Wendy Kalman
There are many ways to see and understand

One hundred years ago

Bodies of the Jewish victims of the pogrom in Orvuch, Ukraine, in February of 1919, see also https://www.timesofisrael.com/20-years-before-the-holocaust-pogroms-killed-100000-jews-then-were-forgotten . (Public domain)

This past weekend, Newspapers.com, a popular repository, opened its site for free, as it does periodically. I chose to take advantage and while I normally look for news regarding family members from past generations, this time, I decided to search for Jewish history from 100 years ago. I’d like to share a little of what I discovered.

The February 19, 1922 the Brooklyn Daily Times reported the launch of a nationwide relief drive which had a goal of $14 million dollars to benefit Jews in Eastern Europe who were starving and destitute. “There are three hundred thousand orphans of Jewish blood and faith in Eastern Europe, including Poland, Rumania and the Ukraine, whose parents have been massacred in the pogroms which have been going on since 1917. There is no accurate and dependable calculation of the number of Jews in the war, and revolution-swept lands, but it is immense, beyond question, and the sufferings of the destitute, hungry, hopeless and helpless people is extreme. Of starvation, of want, of famine, of violent attacks on them, Jews are dying for need of aid.” A number of papers in the following weeks across the county carried updates on how their local fundraising was developing. Non-Jews as well as Jews contributed. But the hardships in Europe continued.

Here in the US, there may have not been pogroms, but there was still hatred.

On June 14 1922, one front page story in the Brooklyn Daily Eagle was about how Leonard Kaplan, a graduate with high honors of the U.S. Naval Academy, was mistreated in his yearbook and how the editor’s only punishment was being deprived of a letter of commendation. Instead of placing Kaplan’s information on the page where it belonged, the editor moved it onto a separate and perforated page, so fellow students could remove it. “Instead of a photograph of Kaplan, a fictitious cartoon was used. Besides the straight biography there is also a sketch headed “porky” which begins: ‘Born in the township of Zion, County of Cork, State of Ignorance, Sunday 17th of March.’ The remainder of the article is highly uncomplimentary, emphasizing in every sentence Kaplan’s Jewish extraction.”

Three days later, The New York Times published on its front page a letter from a Jewish lawyer and alum, Alfred Benesch, who was incredulous at Harvard confirming that they limit how many Jews the school would admit. The paper also printed Harvard’s president Lawrence Lowell’s response, in which he said that “anti-Semitic feeling amount the students is increasing, and it grows in the proportion to the number of Jews” and proposed reducing the number. In fact, he wrote, “if every college in the country would take a limited proportion of Jews, I suspect we should go a long way toward eliminating race feeling among the students and, as these students passed out into the world, eliminating it in the community.” He called this a new problem that came with immigration from the old world, as if the Jews were to blame for the antipathy others feel towards them. In Mr. Benesch’s response, he asked if it is not the responsibility of the school to discourage discrimination and not encourage it and pointed out that the logical conclusion of Lowell’s approach would be for such a severe reduction of Jewish students as to necessitate the establishment of separate schools. Lowell’s discrimination did not end with Jews. Today, Harvard acknowledges Lowell’s racism, homophobia, anti-Semitism, and xenophobia.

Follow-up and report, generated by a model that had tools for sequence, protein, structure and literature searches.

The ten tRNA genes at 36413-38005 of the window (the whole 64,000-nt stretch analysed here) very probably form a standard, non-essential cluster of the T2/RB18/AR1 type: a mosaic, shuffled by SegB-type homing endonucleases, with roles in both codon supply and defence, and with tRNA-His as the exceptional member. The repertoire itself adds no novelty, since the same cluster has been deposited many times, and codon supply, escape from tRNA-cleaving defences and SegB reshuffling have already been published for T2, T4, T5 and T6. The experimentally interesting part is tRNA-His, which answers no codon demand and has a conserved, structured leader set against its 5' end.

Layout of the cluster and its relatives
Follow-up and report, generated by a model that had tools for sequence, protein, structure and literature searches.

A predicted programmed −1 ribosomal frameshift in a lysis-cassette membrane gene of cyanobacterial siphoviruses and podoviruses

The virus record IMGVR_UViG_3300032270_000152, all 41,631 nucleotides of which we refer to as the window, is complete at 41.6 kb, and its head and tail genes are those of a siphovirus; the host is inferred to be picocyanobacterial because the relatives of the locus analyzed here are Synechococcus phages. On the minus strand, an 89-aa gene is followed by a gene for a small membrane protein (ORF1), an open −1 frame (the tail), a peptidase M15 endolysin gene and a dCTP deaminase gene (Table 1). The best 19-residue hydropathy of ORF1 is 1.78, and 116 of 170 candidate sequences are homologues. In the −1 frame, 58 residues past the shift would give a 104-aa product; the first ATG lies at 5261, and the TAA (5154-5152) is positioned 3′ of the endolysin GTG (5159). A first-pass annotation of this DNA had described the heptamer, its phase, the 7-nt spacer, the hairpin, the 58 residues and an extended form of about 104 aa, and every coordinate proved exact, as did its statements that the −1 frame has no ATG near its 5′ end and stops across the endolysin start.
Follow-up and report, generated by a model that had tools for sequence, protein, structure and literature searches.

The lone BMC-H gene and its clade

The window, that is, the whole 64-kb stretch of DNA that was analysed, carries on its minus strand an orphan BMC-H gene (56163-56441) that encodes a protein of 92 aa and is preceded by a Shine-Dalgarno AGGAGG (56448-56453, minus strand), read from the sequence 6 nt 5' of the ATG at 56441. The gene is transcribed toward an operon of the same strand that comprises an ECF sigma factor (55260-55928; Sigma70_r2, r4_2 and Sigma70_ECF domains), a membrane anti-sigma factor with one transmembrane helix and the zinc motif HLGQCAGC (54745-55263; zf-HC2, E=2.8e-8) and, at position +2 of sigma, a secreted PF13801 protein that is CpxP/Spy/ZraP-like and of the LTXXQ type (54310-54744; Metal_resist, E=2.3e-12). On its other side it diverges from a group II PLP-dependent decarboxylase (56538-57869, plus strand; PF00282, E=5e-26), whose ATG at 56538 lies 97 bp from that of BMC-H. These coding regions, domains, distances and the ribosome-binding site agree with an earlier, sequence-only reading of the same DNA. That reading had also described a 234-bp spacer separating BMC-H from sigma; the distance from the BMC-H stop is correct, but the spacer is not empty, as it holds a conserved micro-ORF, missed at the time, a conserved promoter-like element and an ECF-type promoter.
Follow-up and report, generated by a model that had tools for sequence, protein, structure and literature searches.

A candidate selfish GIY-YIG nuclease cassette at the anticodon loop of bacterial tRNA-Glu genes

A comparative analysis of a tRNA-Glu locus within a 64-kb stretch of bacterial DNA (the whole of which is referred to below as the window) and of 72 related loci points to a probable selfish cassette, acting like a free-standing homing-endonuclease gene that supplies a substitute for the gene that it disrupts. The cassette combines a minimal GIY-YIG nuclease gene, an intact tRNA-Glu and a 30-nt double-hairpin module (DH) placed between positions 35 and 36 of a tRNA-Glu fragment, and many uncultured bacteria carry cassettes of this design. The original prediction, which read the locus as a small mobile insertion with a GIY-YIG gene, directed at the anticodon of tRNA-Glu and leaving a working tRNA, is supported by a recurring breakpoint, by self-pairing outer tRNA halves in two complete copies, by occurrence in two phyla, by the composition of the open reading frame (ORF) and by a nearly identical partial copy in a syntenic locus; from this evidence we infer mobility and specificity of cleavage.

A few months later, on November 21, 1922, a story appeared on page 21 of the New York Times, “New Popular Idol Rises in Bavaria.” The sub-headers proclaimed how Hitler’s “extraordinary powers of swaying crowds to his will” result in his own armed army, “well disciplined, they obey orders implicitly.” The article describes how his platform is more against anything than for and that his violent antisemitism causes Bavarian Jews to flee when he speaks in public. The article also quotes an unnamed “sophisticated politician” who says, “You must feed the masses with cruder morsels and ideas like anti-Semitism.” Other sources agreed that this kind of propaganda keeps followers “aroused, enthusiastic and inline for the time when his organization is perfected and sufficiently powerful to be employed effectively for political purposes.”  And yet we also know that when the war was in its last days, Hitler did not abandon his desire to kill Jews.

Hate abounds wherever it is let in. Victims of discrimination are not responsible for the bias and violent words and actions others perpetrate against them. It is up to each and every person to recognize the seeds of hatred and to stop it in its tracks. Otherwise it will only fester and grow.

About the Author
Born in Brooklyn and raised on Long Island, Wendy lived in Jerusalem for over a decade submerged in Israeli culture; she has been soaked in Southern life in metro Atlanta since returning to the U.S. in 2003. An Ashkenazi mom to Mizrahi sons born in Israel and the US, a DIL born in France and a step mom to sons born in the South, she celebrates trying to see from multiple perspectives and hope this comes out in her blogs. Wendy splits her time between her research position at the Center for Israel Education, completing dual master's degrees in public administration and integrated global communications, digging into genealogy and bring distant family together, relentlessly Facebooking, and enjoying the arts as well. All of this is to say -- there are many ways to see and understand.
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